Most people will find material on issues such as violence, injustice and human suffering upsetting. There may also be some materials which particularly affect you. For example, because of a similar personal experience you, your family or friends have had. When faced with such material, people may experience feelings of sadness, anger, powerlessness or shock, or be reminded of their own painful or traumatic experiences. Some may find the content exacerbates symptoms of conditions such as anxiety, depression, or post-traumatic stress disorder. 

Learning about yourself and your emotional responses to such material is a study skill: the skill of emotional resilience. You may already have some skills in this from your experience in life and work that you can draw on. You can also develop your emotional resilience, just as you can develop your essay writing or note taking skills. Here are some strategies you can use to help you deal with difficult material:

  • Accept that emotional responses are normal and natural. Traditionally, there has been a tendency, particularly within law, to assume that it is in some way ‘wrong’ or ‘weak’ to have an emotional response to your studies. However, the reality is, everyone has some form of emotional response, including academics and lawyers, as this quote from a senior solicitor illustrates:

‘there are moments sometimes where you do build a particular rapport with a client or the story is particularly touching or poignant, where, you know, you do find yourself kind of having to hold back the tears sometimes’.

Rather than trying to ignore or suppress your response, a much healthier approach is to ask yourself what emotions you are feeling and why. You might already have a way in which you check in with yourself and how you are feeling. Useful ways can include mindfulness techniques, keeping a journal, talking to friends or family or even using your social media status or emojis on your phone to record your feelings.

Understanding what material affects you in which ways is the starting point for putting in place strategies to deal with it in future.

  • Develop your coping strategies. If you know particular topics (such as sexual assault or knife crime) will be difficult for you, you can take steps to prepare. Modules will usually include ‘sensitive content warnings’ when introducing material that may be difficult. You could also speak to your module tutor or the module convenor to get their advice on what issues may arise. Once you are aware of these, you can make a study plan to ensure you look after yourself. This may include planning more time to study a topic, studying in chunks and taking regular breaks, planning an activity before or after study to help clear your head and scheduling a chat with family or friends.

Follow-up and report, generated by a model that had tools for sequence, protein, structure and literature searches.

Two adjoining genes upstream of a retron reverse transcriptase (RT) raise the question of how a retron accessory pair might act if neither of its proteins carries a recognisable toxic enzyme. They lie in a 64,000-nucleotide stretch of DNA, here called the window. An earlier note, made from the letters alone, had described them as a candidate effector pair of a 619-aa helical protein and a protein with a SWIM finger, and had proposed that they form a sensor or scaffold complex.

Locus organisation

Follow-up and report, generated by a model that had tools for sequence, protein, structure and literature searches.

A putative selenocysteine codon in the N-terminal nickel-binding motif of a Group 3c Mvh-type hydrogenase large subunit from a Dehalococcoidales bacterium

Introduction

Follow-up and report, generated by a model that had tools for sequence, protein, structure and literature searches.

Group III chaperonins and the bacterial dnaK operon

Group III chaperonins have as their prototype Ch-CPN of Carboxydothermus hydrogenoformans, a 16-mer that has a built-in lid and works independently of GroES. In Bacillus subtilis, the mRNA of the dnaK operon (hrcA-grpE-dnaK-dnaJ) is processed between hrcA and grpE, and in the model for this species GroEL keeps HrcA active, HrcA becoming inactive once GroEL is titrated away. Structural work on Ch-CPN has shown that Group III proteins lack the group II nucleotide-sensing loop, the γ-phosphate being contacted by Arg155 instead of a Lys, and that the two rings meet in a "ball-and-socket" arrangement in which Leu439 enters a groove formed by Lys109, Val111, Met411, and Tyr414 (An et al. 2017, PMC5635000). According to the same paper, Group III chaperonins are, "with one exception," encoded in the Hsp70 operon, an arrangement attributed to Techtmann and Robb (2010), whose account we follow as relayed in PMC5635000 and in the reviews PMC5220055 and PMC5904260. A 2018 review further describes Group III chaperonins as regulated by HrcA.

Some people find it easier to engage with distressing topics if they have particular comforts or supports in their study environment. If you are studying at home, this might include playing upbeat music while studying, eating comfort food, keeping your hands occupied with a task or hobby, or having a pillow or something comforting to hold.

If you are conducting independent study on campus, you may find it helpful to visit the garden room, a space in the Information Commons set aside for students to relax in.

If you are in a lecture, you may want to consider sitting near the exit, so that you can take a few minutes out if it becomes overwhelming. If you are in a seminar, workshop or tutorial you could also speak to your tutor in advance to let them know you may need a break.

It’s also a good idea to stay away from the news or anything distressing after you’ve finished your study session, and instead find something relaxing or uplifting to do. This could be going for a walk or to the gym, taking part in a creative hobby or watching a comedy on Netflix. The important thing is to be gentle with yourself and look after your mental health.